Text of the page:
She slips into shoes. This is her literal preference, to slip, sliding toes to the rounded end, soft canvas and faux-skins enveloping the feet. So close, they are like tissue paper taped to a small gift. The offering is concealed. But it appears dainty, neat. Someone has used the words
-- has applied them to her. He says,
The shoes tell a story.
I started paying attention to how I change.
In my mid-twenties, I thought, it's time to take stock of the lumps (on the breasts, in the taut-pulled fabric of life).
I would note these life changes -- some subtle, some vast, some important, some not -- on paper, in the morning and at night. (The breasts appear fine, thankfully, for now.)
I saw increases -- in frivolous things, like the number of black dresses in my closet. (Which feels majorly like growing up in fact. A woman doesn't want to give such weight to physical things -- but this is the truth about black dresses.) And other things. The number of finished pages adding up. (And the way it felt to take stuff from yourself -- how writing oddly felt like getting it back.)
I logged, too the volume of changes -- my buttocks growing plushier with age, the distance between full nights of sleep elongated -- I am finding this inverse ratio of fattening and thinning things is, exactly, aging.
And I logged the frequency, the quality. (Like: each year I am shockingly less of what I was. I am learning, with adulthood, to forgive myself. This may be the most pertinent lesson yet.)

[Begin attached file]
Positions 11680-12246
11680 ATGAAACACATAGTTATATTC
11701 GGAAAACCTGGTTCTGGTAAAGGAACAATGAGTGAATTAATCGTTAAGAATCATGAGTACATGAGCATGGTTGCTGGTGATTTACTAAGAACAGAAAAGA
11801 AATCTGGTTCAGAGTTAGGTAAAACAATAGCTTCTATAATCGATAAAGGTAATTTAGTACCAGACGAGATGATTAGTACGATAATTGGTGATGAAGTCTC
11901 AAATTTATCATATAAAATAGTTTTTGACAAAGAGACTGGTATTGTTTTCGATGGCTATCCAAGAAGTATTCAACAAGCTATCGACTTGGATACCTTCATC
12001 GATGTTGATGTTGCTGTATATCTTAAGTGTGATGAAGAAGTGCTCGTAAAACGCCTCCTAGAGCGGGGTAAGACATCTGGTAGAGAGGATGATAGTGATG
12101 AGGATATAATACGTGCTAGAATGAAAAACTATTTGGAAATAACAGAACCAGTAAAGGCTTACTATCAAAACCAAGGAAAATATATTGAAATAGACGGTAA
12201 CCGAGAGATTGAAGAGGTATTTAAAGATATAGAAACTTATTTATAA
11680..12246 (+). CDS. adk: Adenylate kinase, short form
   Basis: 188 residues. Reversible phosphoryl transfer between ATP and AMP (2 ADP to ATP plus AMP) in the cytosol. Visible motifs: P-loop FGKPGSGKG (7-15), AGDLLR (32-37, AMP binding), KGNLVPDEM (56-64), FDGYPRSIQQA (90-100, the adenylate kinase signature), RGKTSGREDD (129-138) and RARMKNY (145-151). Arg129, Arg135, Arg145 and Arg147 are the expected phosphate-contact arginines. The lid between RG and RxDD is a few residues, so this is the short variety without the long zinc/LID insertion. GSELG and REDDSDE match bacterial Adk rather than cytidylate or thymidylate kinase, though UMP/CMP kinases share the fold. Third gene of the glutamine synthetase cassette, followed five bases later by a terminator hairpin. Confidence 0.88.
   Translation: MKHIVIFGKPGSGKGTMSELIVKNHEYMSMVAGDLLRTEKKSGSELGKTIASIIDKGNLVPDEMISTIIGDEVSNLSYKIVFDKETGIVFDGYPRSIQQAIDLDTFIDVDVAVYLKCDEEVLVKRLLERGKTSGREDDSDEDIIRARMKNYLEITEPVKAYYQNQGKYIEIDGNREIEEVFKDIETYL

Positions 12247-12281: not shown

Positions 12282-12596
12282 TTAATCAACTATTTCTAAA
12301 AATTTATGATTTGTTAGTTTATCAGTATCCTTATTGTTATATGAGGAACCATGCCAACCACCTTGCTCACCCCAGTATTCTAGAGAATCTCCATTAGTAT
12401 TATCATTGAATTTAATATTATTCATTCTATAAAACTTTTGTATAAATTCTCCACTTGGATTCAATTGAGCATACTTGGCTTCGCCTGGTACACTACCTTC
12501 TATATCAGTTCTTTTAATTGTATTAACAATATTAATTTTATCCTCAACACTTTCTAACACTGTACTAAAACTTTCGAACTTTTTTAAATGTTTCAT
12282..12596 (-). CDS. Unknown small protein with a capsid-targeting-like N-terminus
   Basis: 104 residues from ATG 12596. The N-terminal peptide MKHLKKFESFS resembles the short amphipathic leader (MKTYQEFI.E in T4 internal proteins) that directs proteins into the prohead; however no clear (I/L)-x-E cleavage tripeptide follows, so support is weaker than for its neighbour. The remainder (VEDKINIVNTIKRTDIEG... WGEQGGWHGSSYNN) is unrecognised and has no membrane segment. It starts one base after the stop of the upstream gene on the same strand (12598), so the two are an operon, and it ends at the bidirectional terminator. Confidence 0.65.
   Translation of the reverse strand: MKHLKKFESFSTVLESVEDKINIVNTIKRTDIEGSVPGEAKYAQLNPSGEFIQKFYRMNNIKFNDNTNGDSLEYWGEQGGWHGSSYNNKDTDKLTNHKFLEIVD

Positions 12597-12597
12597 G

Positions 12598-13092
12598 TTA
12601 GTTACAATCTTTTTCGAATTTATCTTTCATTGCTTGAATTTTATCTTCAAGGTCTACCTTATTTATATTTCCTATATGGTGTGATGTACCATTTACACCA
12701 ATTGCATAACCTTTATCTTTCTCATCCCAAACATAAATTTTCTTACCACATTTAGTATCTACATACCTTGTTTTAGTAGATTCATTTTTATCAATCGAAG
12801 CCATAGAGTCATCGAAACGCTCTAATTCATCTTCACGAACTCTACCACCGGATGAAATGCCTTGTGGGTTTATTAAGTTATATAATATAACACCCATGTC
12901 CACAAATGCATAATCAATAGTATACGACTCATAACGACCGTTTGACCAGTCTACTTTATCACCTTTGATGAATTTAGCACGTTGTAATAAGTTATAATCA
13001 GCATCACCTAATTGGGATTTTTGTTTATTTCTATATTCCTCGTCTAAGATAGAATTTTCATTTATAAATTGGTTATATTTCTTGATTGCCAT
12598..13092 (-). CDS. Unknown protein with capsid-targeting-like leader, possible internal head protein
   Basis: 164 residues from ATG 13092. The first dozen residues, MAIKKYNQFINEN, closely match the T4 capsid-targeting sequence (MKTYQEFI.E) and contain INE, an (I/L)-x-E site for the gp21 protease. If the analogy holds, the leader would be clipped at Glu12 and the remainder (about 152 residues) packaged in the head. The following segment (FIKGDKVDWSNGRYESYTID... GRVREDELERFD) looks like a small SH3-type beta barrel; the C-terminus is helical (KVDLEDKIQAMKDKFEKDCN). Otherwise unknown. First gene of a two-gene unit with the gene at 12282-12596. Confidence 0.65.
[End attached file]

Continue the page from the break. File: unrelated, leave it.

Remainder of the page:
No. Actually, it's this:
When we let ourselves (finally) change, we (suddenly) change more.
That is to say, more rapidly, unexpectedly, funnily.
It happens like this:
when you quit measuring yourself against your own ledger of experience and former versions of self -- a surprising person may take form. Perhaps, she's become a morning person after all this time. She's calmed down, or revved up. And the fickle things, too, like a new mole blooming on the middle of her thumb.
This is basically how it happens. More exactly, it happens like this:
You (finally) say no. You (suddenly) are able to say yes.
To eschew is its own generosity. (You knew this about writing. Remember? The way it felt to take stuff from yourself -- how writing oddly felt like getting it back.)
(So it took longer to learn the rule applies elsewhere. That's ok.)
I saw her. I saw her shoes, neat and flat and pretty, pinkish, peddling along the road, toward some impossible future, as all futures are impossible, really. Until they're present. I saw the vessel which isn't the body, the self, just a tissue-thin layer that nicely ties up the yeses and nos and misshapen toes, and self-doubts until finally, suddenly, they exist. (Which is to say, you let them.)
This is the offering.